Zapping photos

By | April 22nd, 1999

Q: I work at a camera store and am often asked if X-ray scans will harm film. I recently heard a rumor that the scans are increasing their intensity. Is that true? What should I tell my customers?

— Kristopher Plog, Peoria, Ill.

A: It’s true, the scans are getting stronger. But the Federal Aviation Administration and the airlines apparently don’t want you to know about it.

Last year the government deployed 74 new security scanners for checked luggage throughout the United States. This year it expects to install more, although it won’t say how many or where. The FAA tested these new machines with help from the Photographic & Imaging Manufacturers Association (PIMA), a trade organization for photographic and imaging products, and found that the scanners can indeed damage your undeveloped film.

One model, the CTX-5500DS, cuts a discoloring band through film, while another, the eXaminer 3DX 6000, makes pictures appear as if they encountered a fog bank.

The photo industry is put out about the lack of disclosure. Tom Dufficy, the executive vice president of PIMA, told me no one is being warned of the dangers that the machines can inflict on film. He wants more signs posted at the airport to caution travelers.

I can’t think of any valid excuse for failing to alert travelers to the destruction these machines can visit on their vacation memories. The FAA assures me it is about to issue a press release on the subject. Meanwhile, organizations like Film Safety for Traveling on Planes is lobbying for more public awareness. I’d say it’s about time.

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Tell your customers to carry their film with them. Don’t check the rolls in, don’t let them go through the X-ray machine at the security checkpoint. In the United States, you have the right to a hand-check of your carry-on items. If a security guard insists on running your film through the conveyer belt, you can do one of two things: ask for a supervisor, who will know all the rules and regulations, or forget about it and let the film through.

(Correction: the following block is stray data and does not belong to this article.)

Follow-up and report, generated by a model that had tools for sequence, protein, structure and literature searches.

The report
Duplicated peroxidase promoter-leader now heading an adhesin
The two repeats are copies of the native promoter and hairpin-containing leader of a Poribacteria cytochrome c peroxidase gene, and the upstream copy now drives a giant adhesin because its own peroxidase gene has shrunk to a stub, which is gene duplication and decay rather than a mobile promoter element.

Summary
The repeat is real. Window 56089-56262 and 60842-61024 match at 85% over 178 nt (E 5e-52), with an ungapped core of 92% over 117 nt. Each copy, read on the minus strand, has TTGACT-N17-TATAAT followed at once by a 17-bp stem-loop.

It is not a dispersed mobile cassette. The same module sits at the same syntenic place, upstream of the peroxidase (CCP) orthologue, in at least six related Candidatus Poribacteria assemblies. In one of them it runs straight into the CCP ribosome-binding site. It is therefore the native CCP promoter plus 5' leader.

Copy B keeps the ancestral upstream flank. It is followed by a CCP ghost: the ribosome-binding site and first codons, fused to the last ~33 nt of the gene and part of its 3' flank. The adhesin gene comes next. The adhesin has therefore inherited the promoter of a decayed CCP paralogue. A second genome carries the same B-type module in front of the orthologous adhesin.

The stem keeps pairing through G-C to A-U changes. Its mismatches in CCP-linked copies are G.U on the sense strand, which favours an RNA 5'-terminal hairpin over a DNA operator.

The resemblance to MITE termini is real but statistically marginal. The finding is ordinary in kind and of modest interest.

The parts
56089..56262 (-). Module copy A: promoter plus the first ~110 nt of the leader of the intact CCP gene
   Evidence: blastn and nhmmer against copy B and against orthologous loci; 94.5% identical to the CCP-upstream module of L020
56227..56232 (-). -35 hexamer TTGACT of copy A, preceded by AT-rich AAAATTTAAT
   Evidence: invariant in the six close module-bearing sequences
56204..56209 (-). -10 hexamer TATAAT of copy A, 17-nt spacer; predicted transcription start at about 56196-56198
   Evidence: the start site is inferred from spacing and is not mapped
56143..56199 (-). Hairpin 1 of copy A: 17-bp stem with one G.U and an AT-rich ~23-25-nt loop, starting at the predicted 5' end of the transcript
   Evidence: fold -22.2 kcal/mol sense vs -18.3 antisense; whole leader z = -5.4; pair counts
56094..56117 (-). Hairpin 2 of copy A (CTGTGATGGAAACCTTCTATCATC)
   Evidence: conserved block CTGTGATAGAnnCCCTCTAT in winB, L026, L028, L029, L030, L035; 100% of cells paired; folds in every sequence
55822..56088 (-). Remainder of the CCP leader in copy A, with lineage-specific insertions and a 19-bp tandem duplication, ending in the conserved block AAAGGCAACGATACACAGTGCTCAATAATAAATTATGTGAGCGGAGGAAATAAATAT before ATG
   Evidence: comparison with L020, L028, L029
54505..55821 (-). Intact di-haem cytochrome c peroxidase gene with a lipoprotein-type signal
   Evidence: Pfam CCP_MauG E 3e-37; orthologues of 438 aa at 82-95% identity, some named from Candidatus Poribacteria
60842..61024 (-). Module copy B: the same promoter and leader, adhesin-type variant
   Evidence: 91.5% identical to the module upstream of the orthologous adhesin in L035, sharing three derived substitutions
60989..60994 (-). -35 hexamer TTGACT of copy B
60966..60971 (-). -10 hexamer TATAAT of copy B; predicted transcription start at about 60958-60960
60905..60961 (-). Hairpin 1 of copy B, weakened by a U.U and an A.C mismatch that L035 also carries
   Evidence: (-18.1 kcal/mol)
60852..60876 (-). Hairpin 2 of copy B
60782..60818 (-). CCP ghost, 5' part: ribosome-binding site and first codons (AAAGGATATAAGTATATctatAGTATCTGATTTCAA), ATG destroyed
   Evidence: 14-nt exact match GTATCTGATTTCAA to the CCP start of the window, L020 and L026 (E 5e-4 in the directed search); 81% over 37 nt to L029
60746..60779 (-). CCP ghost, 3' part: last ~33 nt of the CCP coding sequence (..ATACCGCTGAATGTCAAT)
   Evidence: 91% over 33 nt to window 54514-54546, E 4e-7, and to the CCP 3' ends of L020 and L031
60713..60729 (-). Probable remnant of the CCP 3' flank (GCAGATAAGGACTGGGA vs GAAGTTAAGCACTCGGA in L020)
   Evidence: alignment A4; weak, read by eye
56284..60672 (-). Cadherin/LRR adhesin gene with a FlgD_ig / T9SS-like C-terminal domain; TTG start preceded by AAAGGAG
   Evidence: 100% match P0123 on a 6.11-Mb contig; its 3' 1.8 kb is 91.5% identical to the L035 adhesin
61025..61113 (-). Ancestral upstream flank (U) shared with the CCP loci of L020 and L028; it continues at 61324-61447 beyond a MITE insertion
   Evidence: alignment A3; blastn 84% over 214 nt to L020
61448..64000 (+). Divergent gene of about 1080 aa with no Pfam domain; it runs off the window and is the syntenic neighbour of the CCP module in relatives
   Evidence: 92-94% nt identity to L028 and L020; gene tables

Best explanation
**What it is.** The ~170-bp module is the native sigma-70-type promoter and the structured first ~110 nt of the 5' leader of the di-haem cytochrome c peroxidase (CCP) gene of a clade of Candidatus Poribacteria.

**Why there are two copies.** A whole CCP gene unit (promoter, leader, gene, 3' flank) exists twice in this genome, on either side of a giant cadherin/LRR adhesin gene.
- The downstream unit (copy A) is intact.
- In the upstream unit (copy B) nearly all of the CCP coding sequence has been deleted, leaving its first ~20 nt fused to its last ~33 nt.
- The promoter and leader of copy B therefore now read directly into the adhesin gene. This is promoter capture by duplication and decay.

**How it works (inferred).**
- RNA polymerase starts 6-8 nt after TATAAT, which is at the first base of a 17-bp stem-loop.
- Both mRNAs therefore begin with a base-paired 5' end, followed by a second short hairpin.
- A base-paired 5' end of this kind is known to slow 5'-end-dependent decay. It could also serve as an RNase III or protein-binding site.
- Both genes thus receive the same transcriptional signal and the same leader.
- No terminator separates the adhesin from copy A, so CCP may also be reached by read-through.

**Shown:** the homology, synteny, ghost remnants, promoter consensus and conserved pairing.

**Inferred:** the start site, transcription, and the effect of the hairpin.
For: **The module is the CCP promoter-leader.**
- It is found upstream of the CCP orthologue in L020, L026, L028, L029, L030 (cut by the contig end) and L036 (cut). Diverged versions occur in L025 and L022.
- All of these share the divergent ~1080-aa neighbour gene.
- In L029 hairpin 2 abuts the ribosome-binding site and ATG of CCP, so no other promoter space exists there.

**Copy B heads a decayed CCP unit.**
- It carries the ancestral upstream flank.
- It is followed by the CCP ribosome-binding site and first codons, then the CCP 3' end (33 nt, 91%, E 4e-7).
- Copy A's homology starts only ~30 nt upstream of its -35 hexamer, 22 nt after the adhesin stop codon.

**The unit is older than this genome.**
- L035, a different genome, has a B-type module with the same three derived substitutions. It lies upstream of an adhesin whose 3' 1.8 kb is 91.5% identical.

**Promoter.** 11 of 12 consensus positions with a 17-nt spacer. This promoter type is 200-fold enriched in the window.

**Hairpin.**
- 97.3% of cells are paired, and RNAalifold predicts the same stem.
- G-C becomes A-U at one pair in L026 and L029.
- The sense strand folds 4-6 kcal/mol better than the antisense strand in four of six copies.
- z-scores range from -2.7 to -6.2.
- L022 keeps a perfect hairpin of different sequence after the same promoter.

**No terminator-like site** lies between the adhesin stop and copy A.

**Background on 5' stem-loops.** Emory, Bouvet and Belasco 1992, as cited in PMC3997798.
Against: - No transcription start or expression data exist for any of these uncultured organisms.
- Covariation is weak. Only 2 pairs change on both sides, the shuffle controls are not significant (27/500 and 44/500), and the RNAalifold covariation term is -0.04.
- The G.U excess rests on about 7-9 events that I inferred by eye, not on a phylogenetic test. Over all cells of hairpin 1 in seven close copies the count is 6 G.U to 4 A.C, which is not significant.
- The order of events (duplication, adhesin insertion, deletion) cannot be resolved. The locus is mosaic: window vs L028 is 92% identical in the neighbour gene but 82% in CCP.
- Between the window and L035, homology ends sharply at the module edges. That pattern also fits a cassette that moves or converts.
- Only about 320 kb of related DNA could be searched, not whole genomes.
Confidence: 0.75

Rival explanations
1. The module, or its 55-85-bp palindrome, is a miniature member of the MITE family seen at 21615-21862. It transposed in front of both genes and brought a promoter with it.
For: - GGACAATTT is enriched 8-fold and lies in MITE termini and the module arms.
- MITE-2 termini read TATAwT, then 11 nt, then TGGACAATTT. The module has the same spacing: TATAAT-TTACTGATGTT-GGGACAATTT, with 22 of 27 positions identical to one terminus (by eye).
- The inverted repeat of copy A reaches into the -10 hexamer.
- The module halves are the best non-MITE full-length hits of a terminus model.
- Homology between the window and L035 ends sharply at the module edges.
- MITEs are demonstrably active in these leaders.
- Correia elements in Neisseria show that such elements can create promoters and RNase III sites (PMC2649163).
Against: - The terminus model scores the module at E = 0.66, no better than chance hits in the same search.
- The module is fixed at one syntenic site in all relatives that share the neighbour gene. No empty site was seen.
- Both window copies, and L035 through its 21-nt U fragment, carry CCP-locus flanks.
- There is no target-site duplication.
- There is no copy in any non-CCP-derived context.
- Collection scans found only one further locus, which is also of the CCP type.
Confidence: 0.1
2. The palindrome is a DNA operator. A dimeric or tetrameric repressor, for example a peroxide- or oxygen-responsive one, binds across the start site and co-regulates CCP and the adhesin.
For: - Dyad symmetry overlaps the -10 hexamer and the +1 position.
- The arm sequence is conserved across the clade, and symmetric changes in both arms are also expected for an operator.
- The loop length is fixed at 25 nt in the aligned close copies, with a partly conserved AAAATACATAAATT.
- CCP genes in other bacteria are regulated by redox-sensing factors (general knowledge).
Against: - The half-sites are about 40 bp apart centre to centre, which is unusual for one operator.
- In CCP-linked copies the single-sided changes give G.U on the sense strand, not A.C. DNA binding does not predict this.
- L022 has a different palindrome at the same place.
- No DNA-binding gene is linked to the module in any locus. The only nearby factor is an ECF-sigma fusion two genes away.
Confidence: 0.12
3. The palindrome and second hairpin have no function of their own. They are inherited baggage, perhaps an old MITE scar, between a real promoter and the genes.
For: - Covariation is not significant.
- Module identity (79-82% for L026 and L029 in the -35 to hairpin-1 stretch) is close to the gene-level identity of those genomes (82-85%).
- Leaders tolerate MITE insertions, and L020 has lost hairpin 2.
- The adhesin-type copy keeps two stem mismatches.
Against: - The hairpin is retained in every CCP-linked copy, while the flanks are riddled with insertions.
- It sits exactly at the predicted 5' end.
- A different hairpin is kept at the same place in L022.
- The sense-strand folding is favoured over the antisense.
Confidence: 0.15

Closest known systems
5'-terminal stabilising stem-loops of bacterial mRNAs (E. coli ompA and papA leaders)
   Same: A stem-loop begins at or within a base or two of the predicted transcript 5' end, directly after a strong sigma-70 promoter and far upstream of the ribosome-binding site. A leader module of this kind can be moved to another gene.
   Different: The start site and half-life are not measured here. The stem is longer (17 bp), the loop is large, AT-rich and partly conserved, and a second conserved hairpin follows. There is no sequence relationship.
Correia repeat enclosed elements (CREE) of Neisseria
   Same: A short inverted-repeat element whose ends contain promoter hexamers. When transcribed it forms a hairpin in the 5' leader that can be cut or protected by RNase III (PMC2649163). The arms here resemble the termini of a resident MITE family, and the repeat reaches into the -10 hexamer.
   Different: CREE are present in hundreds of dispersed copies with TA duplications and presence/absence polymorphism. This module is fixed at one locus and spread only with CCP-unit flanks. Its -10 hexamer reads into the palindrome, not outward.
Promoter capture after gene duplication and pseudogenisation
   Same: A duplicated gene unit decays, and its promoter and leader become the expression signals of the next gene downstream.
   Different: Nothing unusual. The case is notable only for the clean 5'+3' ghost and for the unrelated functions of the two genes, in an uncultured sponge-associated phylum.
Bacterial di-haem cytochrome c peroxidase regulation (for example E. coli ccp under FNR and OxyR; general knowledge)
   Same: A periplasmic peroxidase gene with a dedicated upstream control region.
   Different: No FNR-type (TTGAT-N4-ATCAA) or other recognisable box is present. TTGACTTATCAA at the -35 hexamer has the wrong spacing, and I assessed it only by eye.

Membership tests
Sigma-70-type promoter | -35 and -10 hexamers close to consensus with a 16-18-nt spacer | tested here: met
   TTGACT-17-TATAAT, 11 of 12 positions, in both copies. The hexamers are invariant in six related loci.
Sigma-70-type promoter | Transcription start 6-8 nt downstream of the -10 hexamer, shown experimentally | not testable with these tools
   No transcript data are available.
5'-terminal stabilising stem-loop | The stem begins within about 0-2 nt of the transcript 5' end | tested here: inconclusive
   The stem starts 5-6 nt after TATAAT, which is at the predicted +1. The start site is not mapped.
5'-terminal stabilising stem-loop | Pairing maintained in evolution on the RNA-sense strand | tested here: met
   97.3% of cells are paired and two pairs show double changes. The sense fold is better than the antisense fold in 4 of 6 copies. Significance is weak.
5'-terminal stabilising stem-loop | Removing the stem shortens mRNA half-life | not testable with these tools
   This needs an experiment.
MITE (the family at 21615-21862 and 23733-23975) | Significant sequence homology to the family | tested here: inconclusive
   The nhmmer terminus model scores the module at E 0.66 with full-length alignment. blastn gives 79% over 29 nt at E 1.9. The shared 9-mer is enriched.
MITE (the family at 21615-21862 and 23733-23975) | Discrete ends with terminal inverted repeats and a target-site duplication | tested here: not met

A single exposure to the X-rays at a security checkpoint probably won’t sabotage your undeveloped film. Only multiple runs through the conveyor belt will affect the most sensitive film (1200 speed and higher). Most pictures are taken on 100 speed film, give or take a hundred.

On overseas trips, where you may not be allowed to ask for a manual inspection, try getting the film developed before you leave. You can run prints through the X-ray machine for checked luggage to your heart’s content without hurting them.

Want more information? The Photographic & Imaging Manufacturers Association site at is regularly updated with news on airport scanners. A new study has just been published on the topic.

Also, a group called Film Safety for Traveling on Planes, or FSTOP, at, offers information about getting around the scanners. For the lowdown on the scanners, go to Invision Technologies’ site at (it manufactures the CTX-5500DS) or L-3 Communications’ page at ( it makes the eXaminer 3DX 6000).

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